The Well of the Moon
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The genesis of the book was an incident in 2017 when, for about a minute and a half, I literally lost my mind. This phenomenon has a posh name, transient global amnesia, which is – to use the technical language of the doctor who gave me a check-up afterwards, ‘a weird stressy kind of thing that happens in your brain’. It passed almost before I had time to notice, but I got fascinated by what was in it when I got it back – the kind of things that let you know who you are – language, perception, memories, connections of all sorts, work, and artistic expression. It made me focus on how important questions of connection and communication are to my work.
Longing for the Fire
I am watching the fire, how it breathes
and dances like a live thing, how I glow
in the light of that small sun on my hearth
now that summer has drained from
the wet dishcloths of October cloud.
It has been a warm friend in the cold days
when flesh and blood love was distant
and now I know why old women sometimes
long for it, dance in its embers and see
the kind of futures in its heart that chill –
the sorrow, the faces of the coming dead.
I long for fire, I will never be warm again.
Elizabeth Rimmer is a poet, editor and occasional translator. Her latest collection The Well of the Moon (Red Squirrel Press £10) reveals again the influence her knowledge of herbs has on her poetry; in the past she was responsible for a modern translation of Old English The Charm of Nine Herbs. Equal parts mystic and philosophical, her poems are nevertheless rooted in the observable everyday world.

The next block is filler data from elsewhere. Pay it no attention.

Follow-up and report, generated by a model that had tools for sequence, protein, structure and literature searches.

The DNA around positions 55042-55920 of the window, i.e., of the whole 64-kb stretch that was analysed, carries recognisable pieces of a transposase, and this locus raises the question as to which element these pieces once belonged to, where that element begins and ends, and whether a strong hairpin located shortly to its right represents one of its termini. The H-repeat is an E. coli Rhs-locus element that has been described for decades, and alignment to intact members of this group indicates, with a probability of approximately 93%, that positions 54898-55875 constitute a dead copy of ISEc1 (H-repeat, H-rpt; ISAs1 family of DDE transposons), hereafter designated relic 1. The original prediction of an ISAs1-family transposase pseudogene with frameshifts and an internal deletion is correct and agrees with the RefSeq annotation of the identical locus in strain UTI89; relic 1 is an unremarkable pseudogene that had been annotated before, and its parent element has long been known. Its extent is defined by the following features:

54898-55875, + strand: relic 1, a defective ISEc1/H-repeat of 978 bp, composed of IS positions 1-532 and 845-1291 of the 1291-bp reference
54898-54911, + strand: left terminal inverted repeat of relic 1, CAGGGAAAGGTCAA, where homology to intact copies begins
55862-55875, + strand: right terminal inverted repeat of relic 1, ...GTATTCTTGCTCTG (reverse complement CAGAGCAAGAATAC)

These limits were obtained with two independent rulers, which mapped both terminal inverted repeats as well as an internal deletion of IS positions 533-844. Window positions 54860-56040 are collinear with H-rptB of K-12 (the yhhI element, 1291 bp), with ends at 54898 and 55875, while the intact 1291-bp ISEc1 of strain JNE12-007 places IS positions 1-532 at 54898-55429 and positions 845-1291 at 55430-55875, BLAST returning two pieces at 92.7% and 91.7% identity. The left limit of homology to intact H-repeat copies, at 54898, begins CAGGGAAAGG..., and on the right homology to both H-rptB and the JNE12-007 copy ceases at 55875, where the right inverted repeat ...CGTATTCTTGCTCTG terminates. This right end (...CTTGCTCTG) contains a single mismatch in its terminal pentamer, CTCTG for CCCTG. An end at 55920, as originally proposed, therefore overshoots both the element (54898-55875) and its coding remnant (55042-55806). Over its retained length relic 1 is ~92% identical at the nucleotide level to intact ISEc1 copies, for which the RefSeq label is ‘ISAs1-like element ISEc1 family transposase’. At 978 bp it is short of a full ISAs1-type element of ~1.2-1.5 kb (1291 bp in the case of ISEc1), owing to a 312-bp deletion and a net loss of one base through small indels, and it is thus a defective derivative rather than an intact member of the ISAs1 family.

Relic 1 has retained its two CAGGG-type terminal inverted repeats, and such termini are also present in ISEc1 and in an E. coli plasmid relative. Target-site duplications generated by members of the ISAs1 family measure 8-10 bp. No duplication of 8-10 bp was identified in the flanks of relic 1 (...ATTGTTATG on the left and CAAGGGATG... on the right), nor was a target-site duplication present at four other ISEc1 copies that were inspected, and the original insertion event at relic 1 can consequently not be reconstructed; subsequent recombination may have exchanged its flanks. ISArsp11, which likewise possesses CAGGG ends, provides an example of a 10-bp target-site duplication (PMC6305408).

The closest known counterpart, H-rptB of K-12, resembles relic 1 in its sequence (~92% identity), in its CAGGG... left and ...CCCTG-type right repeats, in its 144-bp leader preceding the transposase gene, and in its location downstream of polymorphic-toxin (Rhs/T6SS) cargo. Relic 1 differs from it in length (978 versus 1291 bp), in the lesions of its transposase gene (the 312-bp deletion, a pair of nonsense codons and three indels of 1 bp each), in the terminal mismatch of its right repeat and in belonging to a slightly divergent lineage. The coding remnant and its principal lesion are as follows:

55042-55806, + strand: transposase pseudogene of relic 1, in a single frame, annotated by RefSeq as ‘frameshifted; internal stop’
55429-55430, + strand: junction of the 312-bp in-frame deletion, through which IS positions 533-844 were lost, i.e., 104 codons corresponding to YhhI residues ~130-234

These poems pull us in, ask us to look again, re-evaluate our own relationships with the natural world around us, fall in love all over again.
Elizabeth doesn’t shrink from the difficult in these poems, but brings us with her to face it over and over again. In doing so, she shows us how one finds “her own place”.
I love the way Elizabeth’s poems listen and respond to the living things around her – from the smallest weed to cormorants to cows – almost as if, by reading her words, we’re slowly learning how we might engage with the shape of the land around us, and all the miraculous living things that inhabit it.